What Staffing Agencies Really Want From Corporate Recruiters

recruiter hellAfter writing about what corporate recruiters really want from staffing agencies, it only seemed fair to turn the tables and discuss what those on the other side of the aisle really want from those of us in corporate. So, if you’re working in house, listen up.

I mean, look, I get it. Many of corporate recruiters still seem to think of staffing agencies as some sort of black mark, a red badge of dishonor on an otherwise stellar hiring record, a source of hire best kept secret. But the fact of the matter is, staffing agencies represent a viable and necessary partner in many situations (and requisitions) where you’d be screwed without them.

It’s also important to note that not every third party recruiter is a slimy, money hungry whore willing to beg, borrow and steal their way to a placement fee. Sure, there are some on the agency side whose business model seems predicated on dishonesty, deception and duplicity. But then again, the same holds true for those recruiters who happen to reside in-house, too. I’d caution anyone who thinks all agency recruiters are cut from this mold take a moment to remember where most corporate recruiters first got their foot in the door. That’s right – most of us (myself included) initially entered the industry from the agency side of the aisle.

I recently took some time to speak with some colleagues currently working at staffing agencies – and to reflect on the five years I spent doing temp, contract and contingency recruiting in the agency world.

4 Ways To Stop Sucking At Working With Staffing Agencies

After much reflection and reminiscing, I came to up with a few conclusions and overall observations about what it is, exactly, agency recruiters really want from their corporate counterparts.

PS: To all those trolls out there, go ahead and get your snide remarks and snark ready for the comments section. 

1. Be A Conduit, Not A Barrier.

listYour partners aren’t just looking for a copy of the job description or some URL linking to the posting you’re working on. Instead, they’re looking for real details – and real insights – into what you’re really looking for. These insights include things like why the role is open, what the growth potential looks like, and maybe even a crash course on the specific business unit or function for which you’re hiring.

What can help even more than answering these fundamental recruiting questions is – **GASP** – giving your third party partners access to the hiring manager or team actually responsible for making the decisions. Sounds crazy, I know, but why the hell not?

You have a job that you need filled, and whatever the reason was for finding an outside partner in the first place might have been, from having a requisition that’s just too hard to fill or simply having too much else on your plate, you’ve already acknowledged that you need help. The job of agency recruiters is to make your job easier, so if you’ve already brought them into the fold, ENGAGE them and ensure that they have access to the information they need.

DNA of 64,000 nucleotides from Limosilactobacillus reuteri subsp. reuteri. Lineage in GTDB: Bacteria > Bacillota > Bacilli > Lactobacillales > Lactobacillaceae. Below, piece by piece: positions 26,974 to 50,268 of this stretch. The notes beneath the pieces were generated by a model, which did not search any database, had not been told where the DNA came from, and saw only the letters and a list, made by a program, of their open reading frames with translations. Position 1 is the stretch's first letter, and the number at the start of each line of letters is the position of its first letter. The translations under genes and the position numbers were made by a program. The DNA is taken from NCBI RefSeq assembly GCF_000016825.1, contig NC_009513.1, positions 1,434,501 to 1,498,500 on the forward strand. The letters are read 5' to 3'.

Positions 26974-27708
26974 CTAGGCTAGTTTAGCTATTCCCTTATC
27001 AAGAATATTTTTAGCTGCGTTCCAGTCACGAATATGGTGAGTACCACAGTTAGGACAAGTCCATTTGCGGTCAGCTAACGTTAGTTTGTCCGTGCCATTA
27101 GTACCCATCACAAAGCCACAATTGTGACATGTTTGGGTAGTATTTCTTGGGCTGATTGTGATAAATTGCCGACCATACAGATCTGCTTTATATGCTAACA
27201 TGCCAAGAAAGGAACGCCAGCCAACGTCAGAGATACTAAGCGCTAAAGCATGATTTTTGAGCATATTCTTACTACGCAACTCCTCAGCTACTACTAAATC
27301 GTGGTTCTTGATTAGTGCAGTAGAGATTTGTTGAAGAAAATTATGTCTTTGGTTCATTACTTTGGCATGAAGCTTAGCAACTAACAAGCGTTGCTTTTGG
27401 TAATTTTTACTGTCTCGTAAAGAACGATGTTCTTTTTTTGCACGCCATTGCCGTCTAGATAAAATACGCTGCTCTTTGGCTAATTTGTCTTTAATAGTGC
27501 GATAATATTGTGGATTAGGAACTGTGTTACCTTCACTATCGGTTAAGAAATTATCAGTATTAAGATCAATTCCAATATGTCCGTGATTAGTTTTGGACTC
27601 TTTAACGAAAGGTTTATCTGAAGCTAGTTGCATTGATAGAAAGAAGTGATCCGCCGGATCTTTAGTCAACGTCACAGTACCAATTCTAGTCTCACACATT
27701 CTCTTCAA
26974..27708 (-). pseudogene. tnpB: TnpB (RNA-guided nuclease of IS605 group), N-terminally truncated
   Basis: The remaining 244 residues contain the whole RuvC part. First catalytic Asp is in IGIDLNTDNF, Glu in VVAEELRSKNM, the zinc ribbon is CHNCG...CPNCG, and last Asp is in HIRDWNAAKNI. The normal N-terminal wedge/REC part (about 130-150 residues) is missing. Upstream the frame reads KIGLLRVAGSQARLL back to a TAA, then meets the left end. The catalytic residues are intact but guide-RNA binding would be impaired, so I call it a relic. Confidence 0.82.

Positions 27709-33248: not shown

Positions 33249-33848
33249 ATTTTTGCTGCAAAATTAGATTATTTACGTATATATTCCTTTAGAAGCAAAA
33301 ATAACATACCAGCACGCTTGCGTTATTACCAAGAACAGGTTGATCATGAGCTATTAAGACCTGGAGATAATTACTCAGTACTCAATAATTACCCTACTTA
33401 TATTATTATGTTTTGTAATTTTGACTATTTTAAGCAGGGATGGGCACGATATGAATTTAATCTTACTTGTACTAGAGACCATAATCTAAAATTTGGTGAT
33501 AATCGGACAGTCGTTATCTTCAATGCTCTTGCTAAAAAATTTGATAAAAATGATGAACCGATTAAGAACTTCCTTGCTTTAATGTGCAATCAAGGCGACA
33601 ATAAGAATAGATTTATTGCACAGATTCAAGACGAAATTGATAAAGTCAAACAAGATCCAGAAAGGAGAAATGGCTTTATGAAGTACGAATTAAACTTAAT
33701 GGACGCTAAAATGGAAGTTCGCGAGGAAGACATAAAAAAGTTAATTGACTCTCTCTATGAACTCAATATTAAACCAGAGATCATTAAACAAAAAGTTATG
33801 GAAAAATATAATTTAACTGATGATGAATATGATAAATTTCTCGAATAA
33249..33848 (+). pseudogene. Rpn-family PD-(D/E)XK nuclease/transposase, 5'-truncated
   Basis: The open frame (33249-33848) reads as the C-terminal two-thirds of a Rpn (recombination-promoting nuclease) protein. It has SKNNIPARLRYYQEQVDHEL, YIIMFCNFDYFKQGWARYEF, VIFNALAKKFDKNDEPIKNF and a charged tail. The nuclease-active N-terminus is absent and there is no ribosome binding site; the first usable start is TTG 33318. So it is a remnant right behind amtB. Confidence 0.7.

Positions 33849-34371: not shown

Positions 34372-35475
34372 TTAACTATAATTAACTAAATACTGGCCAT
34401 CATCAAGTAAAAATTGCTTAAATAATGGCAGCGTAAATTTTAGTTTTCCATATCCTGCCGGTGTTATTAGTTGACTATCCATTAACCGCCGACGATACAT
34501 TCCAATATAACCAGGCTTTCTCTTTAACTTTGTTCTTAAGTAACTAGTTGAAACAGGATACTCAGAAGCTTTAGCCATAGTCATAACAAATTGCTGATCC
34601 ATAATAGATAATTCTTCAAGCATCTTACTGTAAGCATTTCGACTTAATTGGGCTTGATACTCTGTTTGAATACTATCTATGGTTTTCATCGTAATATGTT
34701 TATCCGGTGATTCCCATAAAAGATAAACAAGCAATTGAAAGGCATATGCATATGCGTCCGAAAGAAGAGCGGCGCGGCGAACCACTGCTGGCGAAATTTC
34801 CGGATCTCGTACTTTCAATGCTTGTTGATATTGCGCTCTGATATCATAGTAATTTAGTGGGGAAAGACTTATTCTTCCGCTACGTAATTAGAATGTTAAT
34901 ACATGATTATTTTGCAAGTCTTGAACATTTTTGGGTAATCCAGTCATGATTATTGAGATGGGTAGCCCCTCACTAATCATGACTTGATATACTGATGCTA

Seriously. Stop being so damn secretive and protective of your hiring manager. Many corporate recruiters treat internal clients like jealous girlfriends, but ultimately, you’re only cheating yourself by adding unnecessary challenges and complexity to your staffing partners’ process. There’s no need to be jealous; if you manage the relationship correctly and establish the parameters of communication ahead of time, you’ll be just fine. Remember: be a conduit, and not a barrier.

Your hiring manager and agency partners will appreciate you for it. And, of course, if those parameters are violated, then you’ll actually have justification to take action – but preempting this in the first place is simply counterproductive (and unfair). If you trust your agency partners enough to engage candidates on your behalf, you should trust them enough to do the same thing with your clients and coworkers, too.

2. “Not A Fit” Is Not Feedback.

staffing agenciesLook, no matter what you think of the agency model, third party recruiters almost always rely on commissions and placements to make money, and you have to respect that. Not all agency recruiters even make a salary (and those that do often make little more than a pittance), which means that they’re entirely dependant on making draws and/or commissions to make ends meet.

Much like you’re competing against other companies for the affection and admiration of candidates, so too are your agency partners. The difference is that, unlike corporate recruiters, they’re representing multiple companies and clients competing for the same finite pool of qualified candidates and top talent.

Time is money to agency recruiters, and time kills all deals. That’s a fact of life, no matter which side of the house you’re on.